The 150th birth anniversary of August Hermann Francke (1870-1930) falls on 5 November this year. In the light of more recent research, it is important to read Francke’s work critically. Nevertheless, there is no question of his status as a founding father of modern scholarship on Ladakh. With this short essay I present the main details of his life in order to put his contribution to Ladakh studies into context.

Francke was born in Gnadenfrei, in what was then south-east Germany, now part of Poland. From his childhood he was brought up as a member of the Moravian Church (Herrnhuter Brüdergemeine). He was trained as a primary school teacher and taught at a boarding school for children of missionary parents before himself being called to the Moravian mission field in Ladakh.  In 1896 he arrived in Leh. The following year he married Theodora (‘Dora’) Weiz, who had been sent from Germany to join him. Dora was herself the daughter of a missionary to South Africa. They had three children, all born in India.

Francke and his family c. 1908.¹

Francke’s career as a full-time missionary was relatively short. He served in Leh for three years, before setting up a new mission at Khalatse in 1899. He was based there until 1906 and then moved to Kyelang in Lahul, now part in the Indian state of Himachal Pradesh. In 1908, he and his family had to return home to Germany because of Dora’s ill-health.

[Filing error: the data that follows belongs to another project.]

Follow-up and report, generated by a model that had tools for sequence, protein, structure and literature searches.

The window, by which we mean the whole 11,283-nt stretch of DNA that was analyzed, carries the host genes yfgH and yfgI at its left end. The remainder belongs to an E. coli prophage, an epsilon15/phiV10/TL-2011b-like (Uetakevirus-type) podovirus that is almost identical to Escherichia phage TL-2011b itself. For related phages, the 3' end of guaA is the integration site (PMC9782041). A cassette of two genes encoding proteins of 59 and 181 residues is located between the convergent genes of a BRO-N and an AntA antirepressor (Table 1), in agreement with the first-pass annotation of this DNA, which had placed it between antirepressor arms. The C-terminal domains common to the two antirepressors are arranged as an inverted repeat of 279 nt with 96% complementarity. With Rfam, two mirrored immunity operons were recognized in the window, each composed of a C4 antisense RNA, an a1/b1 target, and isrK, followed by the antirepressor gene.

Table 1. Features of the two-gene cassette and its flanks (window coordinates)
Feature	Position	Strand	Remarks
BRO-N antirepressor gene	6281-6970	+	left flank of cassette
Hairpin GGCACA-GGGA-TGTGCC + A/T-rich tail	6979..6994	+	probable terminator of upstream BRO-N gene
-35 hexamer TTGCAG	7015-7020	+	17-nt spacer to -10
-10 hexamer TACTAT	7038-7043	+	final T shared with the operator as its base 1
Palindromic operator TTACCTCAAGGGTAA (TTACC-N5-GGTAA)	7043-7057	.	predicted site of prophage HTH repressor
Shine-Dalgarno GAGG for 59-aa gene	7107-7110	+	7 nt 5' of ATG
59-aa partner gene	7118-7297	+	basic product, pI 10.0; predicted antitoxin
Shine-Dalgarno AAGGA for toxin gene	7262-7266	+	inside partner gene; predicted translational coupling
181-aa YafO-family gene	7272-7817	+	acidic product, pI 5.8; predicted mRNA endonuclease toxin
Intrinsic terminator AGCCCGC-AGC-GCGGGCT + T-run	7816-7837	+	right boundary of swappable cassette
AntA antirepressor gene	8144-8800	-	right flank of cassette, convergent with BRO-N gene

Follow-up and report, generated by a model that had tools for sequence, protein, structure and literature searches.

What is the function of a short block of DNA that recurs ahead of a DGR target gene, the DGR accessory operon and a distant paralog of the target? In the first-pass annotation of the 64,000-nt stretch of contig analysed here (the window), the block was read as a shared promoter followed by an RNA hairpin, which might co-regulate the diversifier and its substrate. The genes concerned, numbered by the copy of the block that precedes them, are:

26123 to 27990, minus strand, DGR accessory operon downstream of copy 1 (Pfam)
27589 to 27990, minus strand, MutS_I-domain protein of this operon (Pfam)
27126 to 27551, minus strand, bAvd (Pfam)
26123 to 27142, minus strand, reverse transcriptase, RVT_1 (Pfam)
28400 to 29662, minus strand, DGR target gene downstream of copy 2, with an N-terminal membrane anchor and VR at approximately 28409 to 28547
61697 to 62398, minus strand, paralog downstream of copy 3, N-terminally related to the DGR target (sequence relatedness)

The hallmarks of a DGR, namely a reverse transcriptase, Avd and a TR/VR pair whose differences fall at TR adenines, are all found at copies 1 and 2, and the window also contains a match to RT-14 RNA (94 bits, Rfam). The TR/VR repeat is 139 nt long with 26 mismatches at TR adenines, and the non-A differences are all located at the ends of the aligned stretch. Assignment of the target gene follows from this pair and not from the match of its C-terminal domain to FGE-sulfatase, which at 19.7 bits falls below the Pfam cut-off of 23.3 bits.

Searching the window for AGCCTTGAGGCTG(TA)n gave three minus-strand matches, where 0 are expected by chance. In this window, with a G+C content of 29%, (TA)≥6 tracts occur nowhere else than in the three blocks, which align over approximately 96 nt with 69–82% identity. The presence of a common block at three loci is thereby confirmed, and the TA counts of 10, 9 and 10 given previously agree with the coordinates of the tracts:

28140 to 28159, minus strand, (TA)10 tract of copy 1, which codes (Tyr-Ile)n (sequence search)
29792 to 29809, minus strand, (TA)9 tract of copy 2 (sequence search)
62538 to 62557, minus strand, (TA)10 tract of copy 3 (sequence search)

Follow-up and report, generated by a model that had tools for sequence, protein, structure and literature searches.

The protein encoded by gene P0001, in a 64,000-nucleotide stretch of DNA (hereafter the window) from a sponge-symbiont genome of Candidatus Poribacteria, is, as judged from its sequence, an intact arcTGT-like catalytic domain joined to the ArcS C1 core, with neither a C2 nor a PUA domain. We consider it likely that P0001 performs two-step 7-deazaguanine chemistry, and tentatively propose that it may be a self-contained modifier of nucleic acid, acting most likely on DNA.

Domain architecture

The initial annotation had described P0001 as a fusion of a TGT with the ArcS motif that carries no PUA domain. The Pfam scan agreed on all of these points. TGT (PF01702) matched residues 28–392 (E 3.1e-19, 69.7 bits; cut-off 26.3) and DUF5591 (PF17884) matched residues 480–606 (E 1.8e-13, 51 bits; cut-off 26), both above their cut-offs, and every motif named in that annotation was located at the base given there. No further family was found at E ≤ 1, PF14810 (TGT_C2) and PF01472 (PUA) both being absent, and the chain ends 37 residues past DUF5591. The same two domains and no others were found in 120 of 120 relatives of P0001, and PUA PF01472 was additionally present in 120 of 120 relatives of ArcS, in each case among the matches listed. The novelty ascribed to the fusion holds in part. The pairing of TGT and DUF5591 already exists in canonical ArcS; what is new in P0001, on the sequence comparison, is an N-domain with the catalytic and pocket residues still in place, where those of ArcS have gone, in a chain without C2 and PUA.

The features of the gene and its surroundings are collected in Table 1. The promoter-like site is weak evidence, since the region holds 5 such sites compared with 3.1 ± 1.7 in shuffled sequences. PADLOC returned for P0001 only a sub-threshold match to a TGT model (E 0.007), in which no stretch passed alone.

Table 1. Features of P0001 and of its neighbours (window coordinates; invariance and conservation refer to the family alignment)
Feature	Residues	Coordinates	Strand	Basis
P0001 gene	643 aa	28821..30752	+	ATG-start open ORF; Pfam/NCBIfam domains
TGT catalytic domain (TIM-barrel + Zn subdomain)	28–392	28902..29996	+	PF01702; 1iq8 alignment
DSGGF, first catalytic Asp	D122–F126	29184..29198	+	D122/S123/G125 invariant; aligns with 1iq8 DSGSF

Those early years in India laid the foundations of Francke’s future career as a scholar. An earlier missionary, Heinrich August Jäschke (1817-1883) had translated most of the new Testament into a simple form of literary Tibetan, as well as preparing a Tibetan-English Dictionary (1881). Together with his German and Ladakhi colleagues, Francke was part of a team that began work on the translation of the Old Testament. At the same time, he was keen to promote the study of the spoken languages of the region. Working with local Christians, he prepared versions of the Gospel of St Mark in colloquial Ladakhi as well as the three languages of Lahul: Bunan, Tinan and Manchad.

The La dwags kyi ag bar

Francke’s linguistic researches led him to the study of Ladakhi folksongs and then to the Kesar epic. At the same time, he became interested in the history of Ladakh, drawing on the La dwags rgyal rabs (the royal chronicles of Ladakh), as well as rock inscriptions and oral history. Starting in the 1890s, he published a series of scholarly papers with learned societies in India, Britain, Germany and Finland. He also brought out local publications from the mission press in Leh, including the La dwags kyi ag bar, a monthly newspaper that was written in the Tibetan script in a colloquial style of language to make it as widely accessible as possible. In 1907, he published A History of Western Tibet, the first English-language history of the region.